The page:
Known limitations

20 recipients

An indistinguishable file format means more complicated parsing, and you don't want to leak the number of recipients. As such, I decided to use a fixed header format like before. This is simple but less efficient, adds constant storage overhead regardless of how many recipients you have, and limits the number of recipients to 20. However, this was the original limit with age and should rarely be a problem.

File metadata

Whilst encrypted files are intended to be indistinguishable from random data, if an attacker knows that the same file has been encrypted many times, they may be able to determine the unpadded file length.
The headers are also fixed in size, so there's a range of small file sizes that Kryptor doesn't produce. Thus, files of the minimum length could be seen as an indicator that Kryptor was used. However, dummy random files could be stored to address this type of problem.
Finally, the timestamps on encrypted files are currently untouched. This may change in the future, perhaps only when file name encryption is specified, but proper timestomping is more complicated than simply changing the standard timestamps.

Post-quantum security

The asymmetric algorithms in Kryptor aren't post-quantum secure. However, a pre-shared key can be specified when encrypting with your private key to add post-quantum security.
Why a pre-shared key instead of post-quantum algorithms?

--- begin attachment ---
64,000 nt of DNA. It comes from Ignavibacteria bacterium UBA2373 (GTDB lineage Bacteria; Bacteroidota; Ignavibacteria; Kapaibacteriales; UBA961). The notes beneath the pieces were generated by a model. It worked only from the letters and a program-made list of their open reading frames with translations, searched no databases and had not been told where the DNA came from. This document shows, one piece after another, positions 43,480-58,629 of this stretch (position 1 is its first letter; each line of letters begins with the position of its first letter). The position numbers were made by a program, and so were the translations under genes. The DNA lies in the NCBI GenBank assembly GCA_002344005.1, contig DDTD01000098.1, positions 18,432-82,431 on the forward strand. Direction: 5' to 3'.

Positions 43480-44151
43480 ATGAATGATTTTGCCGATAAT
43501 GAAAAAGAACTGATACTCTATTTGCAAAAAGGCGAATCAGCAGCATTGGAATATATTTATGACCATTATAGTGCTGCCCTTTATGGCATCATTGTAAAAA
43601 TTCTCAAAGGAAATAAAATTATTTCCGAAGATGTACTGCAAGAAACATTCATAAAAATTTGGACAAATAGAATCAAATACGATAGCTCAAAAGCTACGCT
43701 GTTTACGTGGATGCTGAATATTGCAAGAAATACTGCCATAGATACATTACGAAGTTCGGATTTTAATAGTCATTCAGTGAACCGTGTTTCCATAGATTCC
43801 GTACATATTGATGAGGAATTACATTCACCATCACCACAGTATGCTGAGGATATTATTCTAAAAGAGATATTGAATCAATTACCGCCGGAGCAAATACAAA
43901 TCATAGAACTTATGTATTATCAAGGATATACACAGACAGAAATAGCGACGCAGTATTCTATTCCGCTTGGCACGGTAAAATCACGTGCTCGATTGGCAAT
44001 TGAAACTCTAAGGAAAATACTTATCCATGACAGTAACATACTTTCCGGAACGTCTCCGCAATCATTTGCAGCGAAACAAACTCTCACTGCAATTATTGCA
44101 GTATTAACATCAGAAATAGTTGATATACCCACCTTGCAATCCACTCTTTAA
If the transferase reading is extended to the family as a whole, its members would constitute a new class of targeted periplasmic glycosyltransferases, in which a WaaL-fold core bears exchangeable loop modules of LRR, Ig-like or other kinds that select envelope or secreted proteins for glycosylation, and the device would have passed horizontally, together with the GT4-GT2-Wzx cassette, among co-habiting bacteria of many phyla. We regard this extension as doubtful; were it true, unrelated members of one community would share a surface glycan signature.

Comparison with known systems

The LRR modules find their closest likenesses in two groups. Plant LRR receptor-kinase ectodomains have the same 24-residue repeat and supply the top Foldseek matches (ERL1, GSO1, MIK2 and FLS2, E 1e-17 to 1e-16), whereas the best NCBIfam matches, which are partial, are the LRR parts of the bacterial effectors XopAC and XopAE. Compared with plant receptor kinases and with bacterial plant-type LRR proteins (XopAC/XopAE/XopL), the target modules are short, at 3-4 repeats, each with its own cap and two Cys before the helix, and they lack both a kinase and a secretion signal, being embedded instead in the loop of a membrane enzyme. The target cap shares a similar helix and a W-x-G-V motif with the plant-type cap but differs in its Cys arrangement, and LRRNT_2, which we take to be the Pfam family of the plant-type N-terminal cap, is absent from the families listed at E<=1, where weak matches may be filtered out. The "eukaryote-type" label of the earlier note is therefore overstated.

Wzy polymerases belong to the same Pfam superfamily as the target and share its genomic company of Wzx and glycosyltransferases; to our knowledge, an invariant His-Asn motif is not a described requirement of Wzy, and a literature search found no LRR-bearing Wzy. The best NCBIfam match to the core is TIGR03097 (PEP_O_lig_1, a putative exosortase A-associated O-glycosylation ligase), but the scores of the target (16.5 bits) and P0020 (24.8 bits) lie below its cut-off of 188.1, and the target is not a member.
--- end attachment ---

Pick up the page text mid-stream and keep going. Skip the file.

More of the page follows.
1. 1.
    Half the post-quantum schemes probably/definitely aren't secure, so it would be unwise to completely switch. By contrast, pre-shared keys are secure if stored/sent/erased properly.
  2. 2.
    Few protocols use post-quantum secure asymmetric algorithms, mostly experimental stuff. It won't become the norm for a long time.
  3. 3.
    Few cryptographic libraries support such algorithms, so you'd need extra dependencies and probably a custom .NET wrapper around a C library.
  4. 4.
    A hybrid solution would significantly complicate key pair generation and public key sharing. In contrast, pre-shared keys add minimal complexity; the main issue is sending them securely if encrypting a file to someone.
  5. 5.
    The NIST post-quantum standardisation effort isn't over yet. More research is required for proper adoption.

Hardware support

ChaCha20-Poly1305 is not as fast as algorithms like AEGIS and Rocca-S with hardware support. However, it's still fast, doesn't require hardware support, is widely used, and the cryptography is unlikely to be a performance bottleneck compared to disk IO. With that said, ChaCha20-Poly1305 will likely be replaced in the future.

Compromised machine

If an attacker has physical or remote access to your machine, they could retrieve sensitive data (e.g. encryption keys) whilst Kryptor is running. This is quite literally impossible to prevent.
However, Kryptor does attempt to zero out sensitive data as soon as possible from memory. With pinning, this should be guaranteed, but sometimes pinning can't be used. For example, non-interactive string inputs (e.g. pre-shared keys) can't be erased from memory and will unfortunately get leaked into the process table/shell history.
Ed25519 for digital signatures can also be susceptible to fault attacks when an attacker has physical or remote access to the machine. As this is generally only a concern for embedded devices and most mitigations are slow and ineffective, this type of attack is typically not protected against.